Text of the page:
The following comes from a story published February 18 on BuzzFeed.com.
Denying same-sex couples the right to marry is unconstitutionally discriminatory, Mexico’s Supreme Court announced in a sweeping ruling made public Monday.
The ruling not only makes a strong statement about Mexican law’s treatment of equal protection guarantees, it also relies heavily on civil rights rulings handed down by the U.S. Supreme Court. Although several justices of the American court take pride in not caring what foreign courts say, any who read the Mexican decision will find the court makes an impassioned case for the United States to follow its lead.
Writing for a unanimous tribunal, Minister Arturo Zaldívar Lelo de Larrea invoked the U.S. cases Loving v. Virginia and Brown v. Board of Education to argue for marriage equality in a way that American activists would be overjoyed to see from a justice of the U.S. Supreme Court.
On Loving v. Virginia, which struck down laws against interracial marriage in 1967, Zaldívar wrote (translated from its original Spanish):
The historical disadvantages that homosexuals have suffered have been well recognized and documented: public harassment, verbal abuse, discrimination in their employment and in access to certain services, in addition to their exclusion to some aspects of public life. In this sense … when they are denied access to marriage it creates an analogy with the discrimination that interracial couples suffered in another era. In the celebrated case Loving v. Virginia, the United States Supreme Court argued that “restricting marriage rights as belonging to one race or another is incompatible with the equal protection clause” under the US constitution. In connection with this analogy, it can be said that the normative power of marriage is worth little if it does grant the possibility to marry the person one chooses.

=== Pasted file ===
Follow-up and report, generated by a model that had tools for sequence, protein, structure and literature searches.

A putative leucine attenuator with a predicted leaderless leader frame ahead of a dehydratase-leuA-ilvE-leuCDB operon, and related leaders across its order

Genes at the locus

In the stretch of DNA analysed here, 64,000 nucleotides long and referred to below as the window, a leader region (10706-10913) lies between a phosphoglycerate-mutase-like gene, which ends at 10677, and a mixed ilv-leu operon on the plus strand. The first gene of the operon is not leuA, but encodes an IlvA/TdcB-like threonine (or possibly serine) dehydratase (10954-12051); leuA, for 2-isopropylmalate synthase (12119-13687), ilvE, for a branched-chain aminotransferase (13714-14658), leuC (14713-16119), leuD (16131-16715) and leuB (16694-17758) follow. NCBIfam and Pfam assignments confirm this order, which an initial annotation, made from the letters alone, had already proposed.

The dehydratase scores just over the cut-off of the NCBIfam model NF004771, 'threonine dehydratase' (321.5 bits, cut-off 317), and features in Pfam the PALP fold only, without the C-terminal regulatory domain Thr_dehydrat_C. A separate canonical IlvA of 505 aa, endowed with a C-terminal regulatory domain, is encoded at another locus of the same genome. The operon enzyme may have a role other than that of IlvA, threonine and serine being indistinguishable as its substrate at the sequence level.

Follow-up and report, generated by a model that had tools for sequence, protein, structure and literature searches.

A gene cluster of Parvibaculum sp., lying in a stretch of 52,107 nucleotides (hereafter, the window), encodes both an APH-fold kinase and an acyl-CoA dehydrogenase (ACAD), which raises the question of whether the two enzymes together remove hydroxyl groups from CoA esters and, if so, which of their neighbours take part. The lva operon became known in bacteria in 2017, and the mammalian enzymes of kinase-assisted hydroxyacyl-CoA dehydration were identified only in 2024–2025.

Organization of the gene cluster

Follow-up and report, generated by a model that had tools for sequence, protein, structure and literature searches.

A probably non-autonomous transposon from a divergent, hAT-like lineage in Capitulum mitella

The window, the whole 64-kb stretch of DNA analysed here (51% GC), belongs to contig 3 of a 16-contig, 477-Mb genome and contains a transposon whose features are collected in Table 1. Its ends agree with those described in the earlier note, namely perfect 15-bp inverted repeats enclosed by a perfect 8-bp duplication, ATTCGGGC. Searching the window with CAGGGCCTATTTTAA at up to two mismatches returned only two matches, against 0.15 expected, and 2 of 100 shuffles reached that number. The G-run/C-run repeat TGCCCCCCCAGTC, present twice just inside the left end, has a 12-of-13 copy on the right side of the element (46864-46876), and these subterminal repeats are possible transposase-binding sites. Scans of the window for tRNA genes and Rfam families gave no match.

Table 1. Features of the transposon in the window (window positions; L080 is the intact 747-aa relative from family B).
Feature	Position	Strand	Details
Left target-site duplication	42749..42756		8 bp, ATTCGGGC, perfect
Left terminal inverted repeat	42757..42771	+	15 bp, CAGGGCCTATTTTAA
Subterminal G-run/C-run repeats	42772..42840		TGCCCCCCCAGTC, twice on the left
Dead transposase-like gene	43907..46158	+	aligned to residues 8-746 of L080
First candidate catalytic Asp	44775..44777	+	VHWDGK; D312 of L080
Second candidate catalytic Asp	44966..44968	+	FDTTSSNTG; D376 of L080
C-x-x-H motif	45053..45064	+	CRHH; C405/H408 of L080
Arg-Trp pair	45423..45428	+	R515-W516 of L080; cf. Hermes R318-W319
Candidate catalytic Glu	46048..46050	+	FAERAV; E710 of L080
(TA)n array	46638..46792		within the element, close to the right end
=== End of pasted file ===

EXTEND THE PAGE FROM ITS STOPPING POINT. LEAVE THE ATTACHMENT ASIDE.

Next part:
Zaldívar also wrote that it would also be contrary to the principles of the 1954 school desegregation case Brown v. Board of Education to restrict same-sex couples to civil unions or domestic partnerships while barring them from marriage….
Despite its breadth, this ruling will have only a small immediate impact in Mexico.
Technicalities of the country’s legal system mean that only the three couples who brought this case will be able to marry right away. Mexico City is still the only jurisdiction inside Mexico where marriage between same-sex couples is fully legal; several more lawsuits will have to be brought before that right is available nationwide.
Unlike in the United States, it takes more than one ruling from Mexico’s Supreme Court to strike down a law—the court must rule the same way in five separate cases before a law falls. This ruling concerns three separate cases; it will take two more for any same-sex couple in Oaxaca to be able to wed easily, and then the process may have to be repeated in other states. But this precedent means this is a procedural issue, not a legal one.
For the lawyer who brought this suit, Méndez, the verdict is still a big win.
“Without a doubt, we have made history … in Mexico. The next step is to extend this experience to other parts of the country,” he said.
To read the entire story, click here.Buffer